Farmers’ protests in Bharat and truckers’ freedom convoy in Canada, in a way, are two different events. Both are internal matters of the respective countries, having Constitutional mechanisms to deal with them. At the same time, these two protests present a classic case for comparative analysis. Not long ago, Canadian Prime Minister Justine Trudeau had shown a classic trait of being a ‘liberal’ in the present context. Meddling in internal affairs of Bharat, while commenting on the farmers’ protest, he had remarked, “Let me remind you, Canada will always be there to defend the rights of peaceful protesters. We believe in the process of dialogue”. Trudeau suddenly became an icon for the new ideological category of left-liberals (a classic oxymoron expression). The same Canadian PM has opted for a high handed approach to deal with the truckers’ protest.
In Bharat, the Government had introduced the Farm Bills with the logic of liberating the agriculture sector from the clutches of intermediaries and helping the small farmers. The Bills on agricultural reforms were discussed and debated, both within and outside the Parliament. Initially, the blockades and protests that stirred in Punjab reached the borders of the National Capital, with some groups from Uttar Pradesh and Haryana joining the bandwagon. All anti-BJP forces tried to milk the issue for political benefits, and the external elements funded by Pakistan wanted to give it a communal colour. The Government had eleven rounds of negotiations with the farmers’ unions and, when it realised the divisive repercussions of the so-called farmers’ protests, decided to withdraw the Bills. Despite the Covid-19 crisis, call for the death of the Prime Minister, cases of murders and molestations at the protesting sites etc., the Government restrained from using any force for more than a year.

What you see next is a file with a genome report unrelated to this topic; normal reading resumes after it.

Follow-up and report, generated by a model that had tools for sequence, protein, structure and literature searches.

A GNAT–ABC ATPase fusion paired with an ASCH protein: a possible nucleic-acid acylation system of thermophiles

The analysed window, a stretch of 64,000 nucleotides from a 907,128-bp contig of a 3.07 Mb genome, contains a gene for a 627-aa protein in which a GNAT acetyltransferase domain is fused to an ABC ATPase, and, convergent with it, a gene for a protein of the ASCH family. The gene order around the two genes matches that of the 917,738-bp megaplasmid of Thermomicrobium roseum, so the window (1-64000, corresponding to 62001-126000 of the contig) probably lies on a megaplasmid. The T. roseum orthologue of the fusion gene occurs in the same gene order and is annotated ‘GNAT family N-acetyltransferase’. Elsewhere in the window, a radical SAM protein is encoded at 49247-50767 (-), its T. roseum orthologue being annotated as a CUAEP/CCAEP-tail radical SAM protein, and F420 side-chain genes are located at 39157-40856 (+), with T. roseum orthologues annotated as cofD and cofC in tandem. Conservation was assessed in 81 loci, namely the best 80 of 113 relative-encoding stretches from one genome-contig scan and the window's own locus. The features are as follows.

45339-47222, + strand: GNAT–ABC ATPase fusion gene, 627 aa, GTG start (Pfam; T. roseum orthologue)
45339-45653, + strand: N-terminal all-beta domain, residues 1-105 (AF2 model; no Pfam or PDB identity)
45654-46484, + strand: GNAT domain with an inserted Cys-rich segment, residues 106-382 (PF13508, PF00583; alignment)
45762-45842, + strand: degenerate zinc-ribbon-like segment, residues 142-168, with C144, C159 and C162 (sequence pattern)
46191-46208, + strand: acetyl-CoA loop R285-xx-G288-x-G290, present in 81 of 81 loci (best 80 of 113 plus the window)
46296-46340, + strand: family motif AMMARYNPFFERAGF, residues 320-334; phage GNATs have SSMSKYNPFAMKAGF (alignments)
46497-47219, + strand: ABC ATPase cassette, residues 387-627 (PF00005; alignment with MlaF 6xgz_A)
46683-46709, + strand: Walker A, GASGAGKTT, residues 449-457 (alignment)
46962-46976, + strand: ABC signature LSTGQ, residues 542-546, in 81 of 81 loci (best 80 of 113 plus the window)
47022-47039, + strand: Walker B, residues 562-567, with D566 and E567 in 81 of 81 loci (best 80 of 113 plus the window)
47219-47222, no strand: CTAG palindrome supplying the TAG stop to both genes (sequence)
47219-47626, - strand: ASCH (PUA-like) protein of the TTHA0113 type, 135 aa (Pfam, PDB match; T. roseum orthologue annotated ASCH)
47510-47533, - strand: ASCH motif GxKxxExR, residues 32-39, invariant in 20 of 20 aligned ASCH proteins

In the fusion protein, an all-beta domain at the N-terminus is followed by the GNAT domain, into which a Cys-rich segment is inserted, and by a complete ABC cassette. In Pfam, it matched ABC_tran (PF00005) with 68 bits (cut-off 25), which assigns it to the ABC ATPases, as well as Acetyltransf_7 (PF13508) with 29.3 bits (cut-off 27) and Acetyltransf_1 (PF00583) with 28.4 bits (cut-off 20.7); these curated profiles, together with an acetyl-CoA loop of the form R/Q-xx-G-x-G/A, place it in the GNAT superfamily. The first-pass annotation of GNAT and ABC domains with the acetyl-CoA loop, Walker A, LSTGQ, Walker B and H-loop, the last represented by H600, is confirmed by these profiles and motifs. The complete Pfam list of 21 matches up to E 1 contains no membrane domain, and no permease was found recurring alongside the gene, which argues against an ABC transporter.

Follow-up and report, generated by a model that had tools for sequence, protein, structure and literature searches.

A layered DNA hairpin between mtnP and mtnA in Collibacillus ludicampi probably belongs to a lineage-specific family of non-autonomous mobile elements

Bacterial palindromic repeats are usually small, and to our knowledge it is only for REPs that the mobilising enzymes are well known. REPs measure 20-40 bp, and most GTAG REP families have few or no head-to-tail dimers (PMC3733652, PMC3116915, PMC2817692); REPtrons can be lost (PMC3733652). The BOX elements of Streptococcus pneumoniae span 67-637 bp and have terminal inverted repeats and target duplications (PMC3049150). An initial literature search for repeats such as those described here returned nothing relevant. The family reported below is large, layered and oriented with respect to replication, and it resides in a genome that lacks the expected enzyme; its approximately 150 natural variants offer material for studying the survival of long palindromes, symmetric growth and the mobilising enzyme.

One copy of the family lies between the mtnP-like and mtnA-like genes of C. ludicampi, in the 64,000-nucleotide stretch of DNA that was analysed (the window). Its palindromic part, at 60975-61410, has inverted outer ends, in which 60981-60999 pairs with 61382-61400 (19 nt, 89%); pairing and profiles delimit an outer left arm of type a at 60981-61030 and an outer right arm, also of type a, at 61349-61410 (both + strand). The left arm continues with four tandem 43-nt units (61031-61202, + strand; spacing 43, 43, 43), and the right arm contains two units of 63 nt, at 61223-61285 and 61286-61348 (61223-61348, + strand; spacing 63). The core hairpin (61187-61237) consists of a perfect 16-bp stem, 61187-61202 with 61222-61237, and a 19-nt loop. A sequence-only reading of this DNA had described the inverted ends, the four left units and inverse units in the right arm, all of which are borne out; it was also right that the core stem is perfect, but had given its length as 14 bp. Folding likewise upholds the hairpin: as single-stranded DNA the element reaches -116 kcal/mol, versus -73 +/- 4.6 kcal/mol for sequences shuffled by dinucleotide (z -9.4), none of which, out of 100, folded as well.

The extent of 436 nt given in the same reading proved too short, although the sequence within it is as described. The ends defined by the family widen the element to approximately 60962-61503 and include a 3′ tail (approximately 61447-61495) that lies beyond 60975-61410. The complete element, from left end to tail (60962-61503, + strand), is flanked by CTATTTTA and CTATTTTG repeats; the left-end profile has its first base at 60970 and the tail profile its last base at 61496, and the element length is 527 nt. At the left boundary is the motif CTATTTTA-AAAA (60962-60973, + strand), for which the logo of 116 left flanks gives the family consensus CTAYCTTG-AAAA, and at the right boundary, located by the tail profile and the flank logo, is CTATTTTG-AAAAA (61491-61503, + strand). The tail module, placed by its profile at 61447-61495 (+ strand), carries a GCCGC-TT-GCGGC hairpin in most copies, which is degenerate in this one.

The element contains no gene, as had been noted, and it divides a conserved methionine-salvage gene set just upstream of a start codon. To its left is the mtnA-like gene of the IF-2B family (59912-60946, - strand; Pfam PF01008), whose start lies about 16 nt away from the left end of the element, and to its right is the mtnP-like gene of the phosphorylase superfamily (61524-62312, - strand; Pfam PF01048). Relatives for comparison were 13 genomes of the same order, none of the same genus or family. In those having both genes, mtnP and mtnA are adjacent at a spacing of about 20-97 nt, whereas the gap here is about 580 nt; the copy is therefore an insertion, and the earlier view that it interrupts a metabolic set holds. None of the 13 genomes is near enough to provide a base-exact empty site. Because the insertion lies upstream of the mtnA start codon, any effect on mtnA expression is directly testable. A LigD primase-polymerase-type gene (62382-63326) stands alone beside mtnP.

Now contrast this with the protests in Canada. The so-called Freedom Convoy protests, which began in mid-January in Ottawa, were sparked by a mandate that requires Canadian cross-border truckers to be vaccinated against COVID-19. A fund-raising event systematically turned into a protest to paralyse the nation’s capital, making it inaccessible and forcing some businesses to close. Huge funds were raised, the Parliament was on the radar and hateful, anti-semitic imageries were used. By February 11, police forcibly removed protesters. On February 14, for the first time in Canadian history, the Federal Government invoked the Emergencies Act. It used the Constitutional powers to restore order and bring the ongoing trucker convoy protests to an end. As a democracy, if two-thirds of Canadians support the decision to invoke Emergency, it is their internal matter. But can liberals like Trudeaus worldwide afford to have double standards over different protests in democracies?
Two events reveal the same pattern of the blockade – picking some obscure issue to challenge the democratic structures and using violence and destruction to vitiate the democratic process. Still, the responses from custodians of liberal democracies are diametrically opposite. For the self-proclaimed defenders of democracy like Washington Post and New York Times, the farmers’ protest was for the restoration of democracy while action by the Canadian Government is also for saving democracy – a clear sign of left-wokism taking over the true liberal ethos.
Hatred for Hindutva – that represents the essential ‘liberal’ ethos – is at the root of this hypocrisy; love for the Chinese variety of democracy is another reason behind duplicity. These double standards by the certified liberals will prove to be a death knell for the spirit of liberalism and democracy in the future.